Outlook: Ohio University News & Information

New Center for Law, Justice & Culture launches

Nov 17, 2009
By Mary Reed

At its October meeting, the Ohio University Board of Trustees approved the creation of a new Center for Law, Justice & Culture on campus. Faculty associated with the center - mostly drawn from sociology and political science - are busy getting the center off the ground, with short-term plans for colloquia and an undergraduate certificate.

"The Center for Law, Justice & Culture is dedicated to both teaching and scholarship centered upon an examination of the role of law on people's lives," explained Director Michelle Brown, associate professor of sociology and author of the recent book "The Culture of Punishment: Prison, Society, and Spectacle."

She contrasts this with what is taught at law schools, saying, "It's decidedly not toward a technical understanding of the law, it's very interested in law as a social force, how it shapes aspects of our everyday life, both consciously and subconsciously."

In other words, the center - which does not yet have a physical home - promotes the study of law within a liberal arts framework. Programs already under way include guest lectures, research colloquia and workshops.

Center faculty have drafted a proposal for an undergraduate certificate that will be based around existing courses in anthropology, criminology, political science, sociology and other departments across the social sciences and humanities.

Brown anticipates a rush of interest in the certificate among high-achieving students, who will have to apply to be accepted into the certificate program. 

"It is modeled after the process that students would go through to apply for law school or graduate schools," she said, noting that students will have to have a high grade-point average and letters of recommendation from faculty to gain acceptance.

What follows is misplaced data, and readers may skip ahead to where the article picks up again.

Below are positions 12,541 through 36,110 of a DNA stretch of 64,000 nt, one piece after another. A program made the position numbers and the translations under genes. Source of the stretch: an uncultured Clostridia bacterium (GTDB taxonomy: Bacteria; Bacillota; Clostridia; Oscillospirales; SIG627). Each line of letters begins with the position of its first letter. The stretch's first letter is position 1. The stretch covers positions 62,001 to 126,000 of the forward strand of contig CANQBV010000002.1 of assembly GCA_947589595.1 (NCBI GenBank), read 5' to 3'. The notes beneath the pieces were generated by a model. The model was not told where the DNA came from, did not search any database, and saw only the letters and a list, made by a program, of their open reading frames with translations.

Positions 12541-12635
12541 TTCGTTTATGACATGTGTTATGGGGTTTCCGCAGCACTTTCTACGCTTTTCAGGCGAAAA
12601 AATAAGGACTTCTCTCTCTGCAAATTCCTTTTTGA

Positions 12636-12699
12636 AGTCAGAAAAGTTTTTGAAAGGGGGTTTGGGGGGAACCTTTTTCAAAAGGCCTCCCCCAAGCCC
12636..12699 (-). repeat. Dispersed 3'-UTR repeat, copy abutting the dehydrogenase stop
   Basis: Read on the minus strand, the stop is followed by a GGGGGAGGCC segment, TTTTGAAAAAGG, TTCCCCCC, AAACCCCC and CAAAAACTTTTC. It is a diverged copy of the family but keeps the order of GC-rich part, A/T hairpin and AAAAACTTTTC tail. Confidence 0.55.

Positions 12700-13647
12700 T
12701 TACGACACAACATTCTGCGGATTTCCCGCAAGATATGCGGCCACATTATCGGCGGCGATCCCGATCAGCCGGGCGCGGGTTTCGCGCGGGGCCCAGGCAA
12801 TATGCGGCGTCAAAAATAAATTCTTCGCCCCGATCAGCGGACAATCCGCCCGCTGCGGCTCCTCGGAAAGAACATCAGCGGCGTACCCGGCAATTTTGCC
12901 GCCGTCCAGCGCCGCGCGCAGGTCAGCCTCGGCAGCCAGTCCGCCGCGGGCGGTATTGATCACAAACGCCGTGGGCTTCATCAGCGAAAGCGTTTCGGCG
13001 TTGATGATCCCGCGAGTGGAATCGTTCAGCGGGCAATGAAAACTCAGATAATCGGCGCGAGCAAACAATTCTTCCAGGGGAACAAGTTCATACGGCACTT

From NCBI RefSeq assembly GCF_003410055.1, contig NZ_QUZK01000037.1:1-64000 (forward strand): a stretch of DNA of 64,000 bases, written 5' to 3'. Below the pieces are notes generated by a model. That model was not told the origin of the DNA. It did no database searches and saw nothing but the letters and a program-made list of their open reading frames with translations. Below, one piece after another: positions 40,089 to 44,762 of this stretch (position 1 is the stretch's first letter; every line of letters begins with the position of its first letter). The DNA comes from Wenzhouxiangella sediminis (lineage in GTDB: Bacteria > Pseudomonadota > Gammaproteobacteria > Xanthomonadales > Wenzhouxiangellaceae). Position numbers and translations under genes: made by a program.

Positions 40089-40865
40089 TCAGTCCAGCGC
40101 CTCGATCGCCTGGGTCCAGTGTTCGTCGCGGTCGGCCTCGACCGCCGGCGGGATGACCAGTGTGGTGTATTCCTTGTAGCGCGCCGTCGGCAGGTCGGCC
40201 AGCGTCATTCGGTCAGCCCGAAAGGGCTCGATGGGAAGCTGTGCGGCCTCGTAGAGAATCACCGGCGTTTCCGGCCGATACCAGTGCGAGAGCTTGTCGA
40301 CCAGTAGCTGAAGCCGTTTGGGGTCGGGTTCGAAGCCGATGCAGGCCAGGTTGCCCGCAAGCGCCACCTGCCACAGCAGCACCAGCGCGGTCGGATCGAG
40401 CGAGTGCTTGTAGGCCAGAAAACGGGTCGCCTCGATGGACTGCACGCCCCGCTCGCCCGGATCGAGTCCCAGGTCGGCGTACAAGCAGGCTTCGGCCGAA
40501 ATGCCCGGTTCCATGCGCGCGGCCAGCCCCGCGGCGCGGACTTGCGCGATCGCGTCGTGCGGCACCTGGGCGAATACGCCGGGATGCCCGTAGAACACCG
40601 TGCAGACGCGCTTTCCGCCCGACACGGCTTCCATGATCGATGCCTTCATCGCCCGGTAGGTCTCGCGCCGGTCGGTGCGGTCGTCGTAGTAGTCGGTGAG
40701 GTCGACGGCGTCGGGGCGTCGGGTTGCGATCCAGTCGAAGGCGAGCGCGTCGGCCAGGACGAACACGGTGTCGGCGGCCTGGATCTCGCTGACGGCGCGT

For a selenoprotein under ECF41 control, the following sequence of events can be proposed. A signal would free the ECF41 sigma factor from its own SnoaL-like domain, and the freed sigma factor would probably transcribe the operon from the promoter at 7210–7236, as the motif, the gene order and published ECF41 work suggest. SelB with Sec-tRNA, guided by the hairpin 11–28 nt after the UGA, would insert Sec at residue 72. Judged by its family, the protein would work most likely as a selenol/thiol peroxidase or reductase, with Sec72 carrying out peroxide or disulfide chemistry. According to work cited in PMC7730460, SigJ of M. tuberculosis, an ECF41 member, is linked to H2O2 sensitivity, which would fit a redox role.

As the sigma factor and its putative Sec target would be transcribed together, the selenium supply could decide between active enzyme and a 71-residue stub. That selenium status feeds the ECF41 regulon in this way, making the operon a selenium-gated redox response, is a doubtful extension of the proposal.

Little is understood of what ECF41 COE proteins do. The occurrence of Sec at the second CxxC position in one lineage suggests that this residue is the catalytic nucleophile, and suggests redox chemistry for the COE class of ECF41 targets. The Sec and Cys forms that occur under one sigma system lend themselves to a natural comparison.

Although pre-law students will be drawn to the center, Brown says it will be a resource for students who want to go to graduate school, the nonprofit sector, human rights work and dispute resolution careers as well.

The center's faculty also hopes to pursue new course development, including a Tier III capstone course.

Brown points to the benefits the new center will offer faculty, largely providing new opportunities for networking and funding. Faculty working groups include a research committee that will pursue external funding, a development committee for fundraising and an outreach committee that will make contacts to, among others, alumni.

"There's not only a huge interest among our alumni, but statewide I'm being contacted by people who are interested," Brown said, singling out the Ohio Department of Rehabilitation and Correction, which has staff working on a statewide prisoner re-entry initiative.

Brown points out that southeast Ohio is not home to a law school and, until now, was not home to a law center. She says this is just one reason the board of trustees as well as university administrators were very supportive of creating the center. 

"Seeing that much support in this (economic) climate was heartening."

Brown also adds that there has been a great deal of support among leaders in fields related to law and society. The center's advisory board is made up of internationally prominent academics, and Brown anticipates the center will be a draw for high-caliber faculty and students. 

"The goals are grand," she said, "I think we can be a nationally prominent center."


Published: Nov 17, 2009 1:25 PM

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